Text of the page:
Motivation of Behavior: The Fundamental Determinants of Human and Animal Activity

Motivation of Behavior: The Fundamental Determinants of Human and Animal Activity

Motivation of Behavior: The Fundamental Determinants of Human and Animal Activity

Motivation of Behavior: The Fundamental Determinants of Human and Animal Activity

Excerpt

Throughout the preparation of this volume I have been guided by a central purpose rather than by any fixed and predetermined point of view. This purpose is to examine the determination of human and animal behavior in its varied aspects. From one standpoint the study of motivation is concerned with energetics, i.e., with those conditions which evoke specific bodily movements and which regulate the general level of activity. From another standpoint the study is an investigation of the factors which regulate and control the course of activity. This includes all those activities designated by psychologists as purposive behavior. From still another point of view our problem relates to the development of motivating factors: it is a genetic study of the change and interplay of interests, desires, habit organizations, and similar determiners of behavior.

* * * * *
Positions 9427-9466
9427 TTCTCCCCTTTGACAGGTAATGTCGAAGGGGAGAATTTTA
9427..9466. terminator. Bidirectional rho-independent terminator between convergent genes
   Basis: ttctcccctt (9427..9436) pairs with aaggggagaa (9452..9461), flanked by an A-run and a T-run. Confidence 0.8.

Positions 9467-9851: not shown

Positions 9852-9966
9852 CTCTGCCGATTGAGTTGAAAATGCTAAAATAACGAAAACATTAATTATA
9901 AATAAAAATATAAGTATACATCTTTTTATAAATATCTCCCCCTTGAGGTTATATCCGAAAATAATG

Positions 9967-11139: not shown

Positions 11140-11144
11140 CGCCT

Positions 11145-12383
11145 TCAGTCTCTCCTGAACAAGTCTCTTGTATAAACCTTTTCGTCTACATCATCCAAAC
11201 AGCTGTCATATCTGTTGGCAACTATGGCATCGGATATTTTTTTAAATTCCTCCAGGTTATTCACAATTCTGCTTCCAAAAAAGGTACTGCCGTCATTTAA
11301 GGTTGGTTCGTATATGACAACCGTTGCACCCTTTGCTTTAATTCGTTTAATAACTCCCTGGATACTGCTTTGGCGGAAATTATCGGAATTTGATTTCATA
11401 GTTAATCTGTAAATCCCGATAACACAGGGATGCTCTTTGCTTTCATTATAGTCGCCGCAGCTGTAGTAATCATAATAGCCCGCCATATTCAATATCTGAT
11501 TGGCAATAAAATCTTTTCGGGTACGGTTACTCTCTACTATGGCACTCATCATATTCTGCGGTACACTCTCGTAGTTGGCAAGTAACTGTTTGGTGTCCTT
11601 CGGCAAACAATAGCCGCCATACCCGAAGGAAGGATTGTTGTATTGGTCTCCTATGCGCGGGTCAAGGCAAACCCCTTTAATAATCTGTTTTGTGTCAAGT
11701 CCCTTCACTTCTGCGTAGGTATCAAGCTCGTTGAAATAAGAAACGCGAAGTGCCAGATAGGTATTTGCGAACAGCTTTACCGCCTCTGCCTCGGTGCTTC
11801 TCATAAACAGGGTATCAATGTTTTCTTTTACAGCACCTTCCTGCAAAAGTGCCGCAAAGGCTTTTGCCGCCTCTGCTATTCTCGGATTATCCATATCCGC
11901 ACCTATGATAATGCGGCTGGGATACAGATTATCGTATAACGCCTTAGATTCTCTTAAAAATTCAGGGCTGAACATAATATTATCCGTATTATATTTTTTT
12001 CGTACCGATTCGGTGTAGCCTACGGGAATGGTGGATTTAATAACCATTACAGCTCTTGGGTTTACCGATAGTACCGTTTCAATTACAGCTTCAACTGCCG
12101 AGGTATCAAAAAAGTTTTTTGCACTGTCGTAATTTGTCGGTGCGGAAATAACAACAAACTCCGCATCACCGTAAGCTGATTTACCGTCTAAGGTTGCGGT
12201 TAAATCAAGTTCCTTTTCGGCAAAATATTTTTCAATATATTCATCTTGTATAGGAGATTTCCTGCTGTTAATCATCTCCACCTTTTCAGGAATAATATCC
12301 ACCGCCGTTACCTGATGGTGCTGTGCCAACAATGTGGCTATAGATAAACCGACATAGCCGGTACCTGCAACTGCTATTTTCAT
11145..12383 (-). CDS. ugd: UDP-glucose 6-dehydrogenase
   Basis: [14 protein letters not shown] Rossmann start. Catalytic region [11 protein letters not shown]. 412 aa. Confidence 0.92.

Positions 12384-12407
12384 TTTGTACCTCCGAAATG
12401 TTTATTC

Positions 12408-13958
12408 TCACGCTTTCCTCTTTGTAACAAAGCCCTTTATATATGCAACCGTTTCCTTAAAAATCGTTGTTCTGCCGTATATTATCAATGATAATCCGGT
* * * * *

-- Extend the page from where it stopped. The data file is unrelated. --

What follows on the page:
The stream of contemporary psychological thought has many cross currents. The impartial observer can readily detect these trends of opinion in the varied researches upon motivation. Some psychologists stress the conscious experiences of individuals and are concerned with the rôle in human behavior of desire, goal-awareness, pleasant and unpleasant feeling. Others rely upon the objective facts of human and animal behavior, which they explain by reference to bodily processes, thus resolving the study of motives to a branch of physiological psychology. Again, some currents in the stream of thought move toward a biological explanation of behavior; others toward interpretation in terms of social factors. Some move toward environmentalism; others toward explanation in terms of heredity.

I have tried to assume the role of an impartial onlooker, that of the proverbial man from Mars. An investigation of motivation presents so many aspects of the subject to the student that a single description would be misleading; the strict adherence to any fixed viewpoint would give a badly distorted impression. In so far as I have a bias, that has been expressed at the close of Chapter X.

The book is intended for students who have taken an introductory . . .

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